Glow: Map Reduce for Golang

Having been a Java developer for many years, I have simply lost interest in Java and want to code everything in Go, mostly due to Go’s simplicity and performance. But it’s Java that is having fun in the party of big data. Go is sitting alone as a wall flower. There is no real map reduce system for Go, until now!

Glow is aiming to be a simple and scalable map reduce system, all in pure Go. Not only the system setup is simple and scalable, but also writing and running the map reduce code.

Glow also provides Map()/Filter()/Reduce() functions, which works well in standalone mode. It’s totally fine to just run in standalone mode. Let’s face it, very often you do not have that much data that has to run on a distributed system. Glow can fully utilize Go’s efficiency and goroutines to process fairly large amount of data. And if you really need to scale up, you can scale up with Glow by running it in distributed mode.

This time I will cover:

  1. Write a simple word count in standalone mode.
  2. Setup the distributed system.
  3. Run the word count in distributed mode.
  4. Process data on Hdfs and mongodb, and input and output data via Go channels.

People already read about Glow can skip to section 4 for a more realistic use case.

Boring Word Count

In distributed computing, the equivilent of hello word is a word count:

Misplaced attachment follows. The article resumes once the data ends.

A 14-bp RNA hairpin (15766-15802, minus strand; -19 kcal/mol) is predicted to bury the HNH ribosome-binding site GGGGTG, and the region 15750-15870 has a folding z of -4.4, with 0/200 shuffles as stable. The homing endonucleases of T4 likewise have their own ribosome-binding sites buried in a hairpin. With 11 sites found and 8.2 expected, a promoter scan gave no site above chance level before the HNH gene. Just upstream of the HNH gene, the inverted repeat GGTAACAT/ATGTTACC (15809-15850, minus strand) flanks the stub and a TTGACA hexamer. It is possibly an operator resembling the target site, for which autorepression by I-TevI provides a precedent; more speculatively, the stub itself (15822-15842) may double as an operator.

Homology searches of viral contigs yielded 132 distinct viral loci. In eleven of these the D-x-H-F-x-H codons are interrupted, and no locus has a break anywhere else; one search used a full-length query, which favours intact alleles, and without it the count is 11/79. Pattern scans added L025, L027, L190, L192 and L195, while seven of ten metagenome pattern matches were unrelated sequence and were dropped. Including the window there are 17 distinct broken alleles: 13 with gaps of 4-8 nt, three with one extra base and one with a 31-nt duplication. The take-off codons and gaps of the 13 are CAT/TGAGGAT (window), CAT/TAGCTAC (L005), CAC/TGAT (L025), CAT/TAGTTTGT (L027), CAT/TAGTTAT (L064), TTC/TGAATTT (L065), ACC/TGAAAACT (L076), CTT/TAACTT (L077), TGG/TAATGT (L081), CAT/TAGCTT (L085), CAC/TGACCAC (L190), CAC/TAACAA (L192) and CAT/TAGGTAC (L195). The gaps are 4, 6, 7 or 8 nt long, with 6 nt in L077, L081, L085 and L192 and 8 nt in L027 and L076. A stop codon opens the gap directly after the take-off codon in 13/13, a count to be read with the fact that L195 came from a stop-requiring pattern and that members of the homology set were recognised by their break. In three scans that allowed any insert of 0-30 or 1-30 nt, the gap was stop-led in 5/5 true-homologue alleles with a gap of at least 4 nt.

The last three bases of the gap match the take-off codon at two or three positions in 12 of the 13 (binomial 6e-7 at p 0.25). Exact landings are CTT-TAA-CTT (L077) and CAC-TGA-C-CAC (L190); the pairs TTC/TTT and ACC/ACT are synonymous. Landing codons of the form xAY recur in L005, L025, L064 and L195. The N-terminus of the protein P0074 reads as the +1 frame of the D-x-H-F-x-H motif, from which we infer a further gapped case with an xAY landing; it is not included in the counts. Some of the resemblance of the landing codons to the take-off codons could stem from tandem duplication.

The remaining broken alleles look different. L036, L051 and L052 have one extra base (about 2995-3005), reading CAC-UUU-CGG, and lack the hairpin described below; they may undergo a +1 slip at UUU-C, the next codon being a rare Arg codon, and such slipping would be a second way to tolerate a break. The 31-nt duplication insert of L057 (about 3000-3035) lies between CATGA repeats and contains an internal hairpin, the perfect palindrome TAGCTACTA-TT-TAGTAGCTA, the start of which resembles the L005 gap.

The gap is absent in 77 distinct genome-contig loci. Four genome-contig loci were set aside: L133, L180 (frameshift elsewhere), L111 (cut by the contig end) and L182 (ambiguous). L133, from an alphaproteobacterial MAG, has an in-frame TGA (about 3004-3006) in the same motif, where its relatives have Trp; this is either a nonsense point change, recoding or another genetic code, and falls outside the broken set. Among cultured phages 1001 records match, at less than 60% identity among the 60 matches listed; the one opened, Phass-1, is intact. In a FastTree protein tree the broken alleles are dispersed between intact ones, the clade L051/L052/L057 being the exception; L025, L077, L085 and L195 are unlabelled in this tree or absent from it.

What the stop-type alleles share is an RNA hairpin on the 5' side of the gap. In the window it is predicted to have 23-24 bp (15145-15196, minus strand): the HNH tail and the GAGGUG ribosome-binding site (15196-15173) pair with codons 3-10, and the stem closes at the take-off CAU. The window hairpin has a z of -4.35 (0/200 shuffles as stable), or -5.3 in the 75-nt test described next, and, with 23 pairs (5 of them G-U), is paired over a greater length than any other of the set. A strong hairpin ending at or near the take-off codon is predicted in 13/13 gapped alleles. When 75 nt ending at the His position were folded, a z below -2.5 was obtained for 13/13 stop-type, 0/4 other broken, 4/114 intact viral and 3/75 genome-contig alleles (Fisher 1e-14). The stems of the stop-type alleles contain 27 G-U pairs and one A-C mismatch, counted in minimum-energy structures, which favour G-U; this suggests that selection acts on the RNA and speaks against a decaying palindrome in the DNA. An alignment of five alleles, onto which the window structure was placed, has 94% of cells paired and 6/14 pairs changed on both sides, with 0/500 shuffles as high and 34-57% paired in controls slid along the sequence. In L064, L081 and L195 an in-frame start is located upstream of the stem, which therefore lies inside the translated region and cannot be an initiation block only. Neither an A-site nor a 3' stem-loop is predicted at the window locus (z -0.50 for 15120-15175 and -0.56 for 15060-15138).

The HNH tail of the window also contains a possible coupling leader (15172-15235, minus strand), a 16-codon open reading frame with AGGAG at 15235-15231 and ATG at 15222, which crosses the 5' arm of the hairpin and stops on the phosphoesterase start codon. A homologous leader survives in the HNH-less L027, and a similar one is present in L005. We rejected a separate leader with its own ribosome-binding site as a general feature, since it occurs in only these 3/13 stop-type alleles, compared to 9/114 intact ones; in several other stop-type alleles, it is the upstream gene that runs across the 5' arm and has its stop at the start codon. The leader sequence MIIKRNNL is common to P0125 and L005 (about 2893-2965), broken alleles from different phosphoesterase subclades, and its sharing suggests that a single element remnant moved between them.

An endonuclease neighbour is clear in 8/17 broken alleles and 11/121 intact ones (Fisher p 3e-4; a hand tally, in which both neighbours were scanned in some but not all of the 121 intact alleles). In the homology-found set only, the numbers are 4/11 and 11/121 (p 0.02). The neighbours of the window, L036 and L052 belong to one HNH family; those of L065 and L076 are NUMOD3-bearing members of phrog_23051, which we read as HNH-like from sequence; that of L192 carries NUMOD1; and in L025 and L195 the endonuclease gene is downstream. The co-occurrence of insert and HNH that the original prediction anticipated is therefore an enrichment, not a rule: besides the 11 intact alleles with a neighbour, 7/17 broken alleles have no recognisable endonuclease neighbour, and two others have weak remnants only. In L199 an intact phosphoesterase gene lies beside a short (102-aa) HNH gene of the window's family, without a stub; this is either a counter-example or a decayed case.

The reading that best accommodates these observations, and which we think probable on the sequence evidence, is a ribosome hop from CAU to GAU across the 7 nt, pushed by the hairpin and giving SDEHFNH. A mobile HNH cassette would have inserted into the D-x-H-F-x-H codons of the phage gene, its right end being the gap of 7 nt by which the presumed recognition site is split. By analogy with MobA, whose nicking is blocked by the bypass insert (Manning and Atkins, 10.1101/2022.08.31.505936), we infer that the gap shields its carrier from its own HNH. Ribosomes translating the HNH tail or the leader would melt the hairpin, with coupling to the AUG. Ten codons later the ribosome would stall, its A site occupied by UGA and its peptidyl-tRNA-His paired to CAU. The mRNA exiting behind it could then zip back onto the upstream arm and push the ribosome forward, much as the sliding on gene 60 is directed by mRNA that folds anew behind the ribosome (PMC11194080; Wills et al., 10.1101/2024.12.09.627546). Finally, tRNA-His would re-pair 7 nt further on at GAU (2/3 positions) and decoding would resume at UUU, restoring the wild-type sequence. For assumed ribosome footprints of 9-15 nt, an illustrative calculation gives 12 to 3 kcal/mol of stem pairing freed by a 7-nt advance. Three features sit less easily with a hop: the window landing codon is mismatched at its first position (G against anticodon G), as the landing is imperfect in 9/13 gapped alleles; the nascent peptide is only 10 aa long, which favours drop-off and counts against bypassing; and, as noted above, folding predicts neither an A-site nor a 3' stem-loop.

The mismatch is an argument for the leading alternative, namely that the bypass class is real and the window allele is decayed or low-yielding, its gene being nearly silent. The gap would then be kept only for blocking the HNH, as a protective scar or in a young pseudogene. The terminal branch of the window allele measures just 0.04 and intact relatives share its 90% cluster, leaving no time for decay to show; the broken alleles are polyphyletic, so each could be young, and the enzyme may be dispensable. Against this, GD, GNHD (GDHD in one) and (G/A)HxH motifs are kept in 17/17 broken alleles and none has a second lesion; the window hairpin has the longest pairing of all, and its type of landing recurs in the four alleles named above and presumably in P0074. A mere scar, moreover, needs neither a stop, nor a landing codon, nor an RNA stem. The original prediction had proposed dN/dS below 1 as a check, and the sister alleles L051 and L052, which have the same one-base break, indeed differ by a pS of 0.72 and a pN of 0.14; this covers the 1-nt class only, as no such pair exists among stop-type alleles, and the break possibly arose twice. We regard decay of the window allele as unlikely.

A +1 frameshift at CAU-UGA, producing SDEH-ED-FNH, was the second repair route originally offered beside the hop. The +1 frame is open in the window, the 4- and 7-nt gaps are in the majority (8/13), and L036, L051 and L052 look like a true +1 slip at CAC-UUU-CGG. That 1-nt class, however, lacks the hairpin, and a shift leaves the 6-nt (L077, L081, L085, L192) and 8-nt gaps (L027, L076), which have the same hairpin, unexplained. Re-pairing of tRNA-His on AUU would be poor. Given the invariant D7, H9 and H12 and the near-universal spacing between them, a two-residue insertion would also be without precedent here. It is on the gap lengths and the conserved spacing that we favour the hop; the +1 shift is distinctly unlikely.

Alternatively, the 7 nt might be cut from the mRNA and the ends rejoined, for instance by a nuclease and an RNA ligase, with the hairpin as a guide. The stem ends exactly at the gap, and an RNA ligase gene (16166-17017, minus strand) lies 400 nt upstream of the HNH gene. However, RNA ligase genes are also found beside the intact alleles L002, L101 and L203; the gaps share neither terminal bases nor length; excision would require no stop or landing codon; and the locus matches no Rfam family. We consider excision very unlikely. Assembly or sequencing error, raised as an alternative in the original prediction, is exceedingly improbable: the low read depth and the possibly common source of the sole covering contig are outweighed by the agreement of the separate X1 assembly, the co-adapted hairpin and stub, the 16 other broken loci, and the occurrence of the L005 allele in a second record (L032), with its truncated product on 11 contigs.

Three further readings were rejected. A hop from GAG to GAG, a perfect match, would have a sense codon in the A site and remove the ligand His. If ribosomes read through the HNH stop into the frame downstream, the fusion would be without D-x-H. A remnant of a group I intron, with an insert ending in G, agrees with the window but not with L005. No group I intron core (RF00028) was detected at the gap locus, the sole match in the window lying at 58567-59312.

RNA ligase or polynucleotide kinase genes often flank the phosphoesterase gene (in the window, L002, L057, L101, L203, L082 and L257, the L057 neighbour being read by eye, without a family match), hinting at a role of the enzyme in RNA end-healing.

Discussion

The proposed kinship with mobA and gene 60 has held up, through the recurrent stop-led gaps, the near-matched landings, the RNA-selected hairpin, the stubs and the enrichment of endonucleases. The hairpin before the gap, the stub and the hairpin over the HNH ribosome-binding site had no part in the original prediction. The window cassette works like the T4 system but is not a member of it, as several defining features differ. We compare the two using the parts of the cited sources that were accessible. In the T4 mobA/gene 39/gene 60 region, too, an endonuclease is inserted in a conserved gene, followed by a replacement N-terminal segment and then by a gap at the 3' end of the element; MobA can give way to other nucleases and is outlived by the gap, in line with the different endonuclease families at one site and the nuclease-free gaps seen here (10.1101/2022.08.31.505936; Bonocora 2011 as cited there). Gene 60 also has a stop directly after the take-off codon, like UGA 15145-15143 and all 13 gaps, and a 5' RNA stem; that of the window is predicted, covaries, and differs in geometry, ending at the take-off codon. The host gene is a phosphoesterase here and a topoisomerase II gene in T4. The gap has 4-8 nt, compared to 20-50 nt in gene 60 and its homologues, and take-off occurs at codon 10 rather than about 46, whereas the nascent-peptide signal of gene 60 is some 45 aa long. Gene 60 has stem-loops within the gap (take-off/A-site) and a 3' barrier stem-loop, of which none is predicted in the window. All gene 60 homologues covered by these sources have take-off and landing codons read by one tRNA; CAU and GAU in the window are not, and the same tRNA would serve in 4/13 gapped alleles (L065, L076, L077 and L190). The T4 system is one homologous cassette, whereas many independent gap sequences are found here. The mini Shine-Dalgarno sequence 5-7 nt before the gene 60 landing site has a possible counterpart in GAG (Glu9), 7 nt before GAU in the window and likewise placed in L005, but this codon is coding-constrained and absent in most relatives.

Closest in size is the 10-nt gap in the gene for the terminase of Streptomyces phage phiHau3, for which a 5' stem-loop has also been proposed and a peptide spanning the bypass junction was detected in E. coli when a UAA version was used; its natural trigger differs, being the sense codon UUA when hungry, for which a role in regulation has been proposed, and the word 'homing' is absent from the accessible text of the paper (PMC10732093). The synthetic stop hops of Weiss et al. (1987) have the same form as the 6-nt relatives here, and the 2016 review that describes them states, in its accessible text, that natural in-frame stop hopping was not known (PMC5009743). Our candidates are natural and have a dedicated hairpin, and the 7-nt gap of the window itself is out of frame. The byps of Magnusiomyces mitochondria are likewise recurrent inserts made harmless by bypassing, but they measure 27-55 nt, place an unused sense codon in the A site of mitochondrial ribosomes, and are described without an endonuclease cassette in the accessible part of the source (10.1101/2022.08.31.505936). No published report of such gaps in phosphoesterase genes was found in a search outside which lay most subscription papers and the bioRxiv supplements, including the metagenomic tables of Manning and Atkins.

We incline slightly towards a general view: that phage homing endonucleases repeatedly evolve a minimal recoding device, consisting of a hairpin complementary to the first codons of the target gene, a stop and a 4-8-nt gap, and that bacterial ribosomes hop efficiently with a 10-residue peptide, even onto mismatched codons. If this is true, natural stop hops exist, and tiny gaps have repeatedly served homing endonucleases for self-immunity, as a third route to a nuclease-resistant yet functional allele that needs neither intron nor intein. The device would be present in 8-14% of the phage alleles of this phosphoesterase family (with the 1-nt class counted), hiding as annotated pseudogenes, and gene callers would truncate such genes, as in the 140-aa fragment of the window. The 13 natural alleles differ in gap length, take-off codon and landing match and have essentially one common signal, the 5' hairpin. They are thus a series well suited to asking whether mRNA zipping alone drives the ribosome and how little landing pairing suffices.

package main

import (


func main() {
        "/etc/passwd", 3,
    ).Filter(func(line string) bool {
        return !strings.HasPrefix(line, "#")
    }).Map(func(line string, ch chan string) {
        for _, token := range strings.Split(line, ":") {
            ch <- token
    }).Map(func(key string) int {
        return 1
    }).Reduce(func(x int, y int) int {
        return x + y
    }).Map(func(x int) {
        println("count:", x)

Here we load the “/etc/passwd” file and partitioned into 3 shards. Each shard is processed by 1 filter, 2 mappers, reduced to one count, and printed out via a mapper.

Let’s run this file:

$ go run t.go
count: 532

I hope you like the code here. It may not look as simple as other languages that are skipping data types. But when a project gets reasonably large, readability is a big deal. Glow’s anonymous functions have the right amount of type information, which helps to understand the code, especially when someone else wrote it.

If you do not have much data now, you can actually stop here and run Glow in standalone mode. Glow’s API works for both standalone mode and distributed mode. I highly encourage you start using Glow in standalone mode. It should just work.

Go channels in Glow

Glow works natually with channels. The data flows from one dataset to the next dataset via channels, either in standalone mode or distributed mode.

Another interesting usage of channel is that a channel can be a mapper’s result emitter. Usually 1 mapper emits 1 result, which can be represented as function’s return result, e.g.,

than 1 result, this won't work. The channel fits nicely here. If the
last parameter of a mapper function is a channel, e.g.,
``` func(line string, ch chan string) ```, it will be treated
as the result emitter.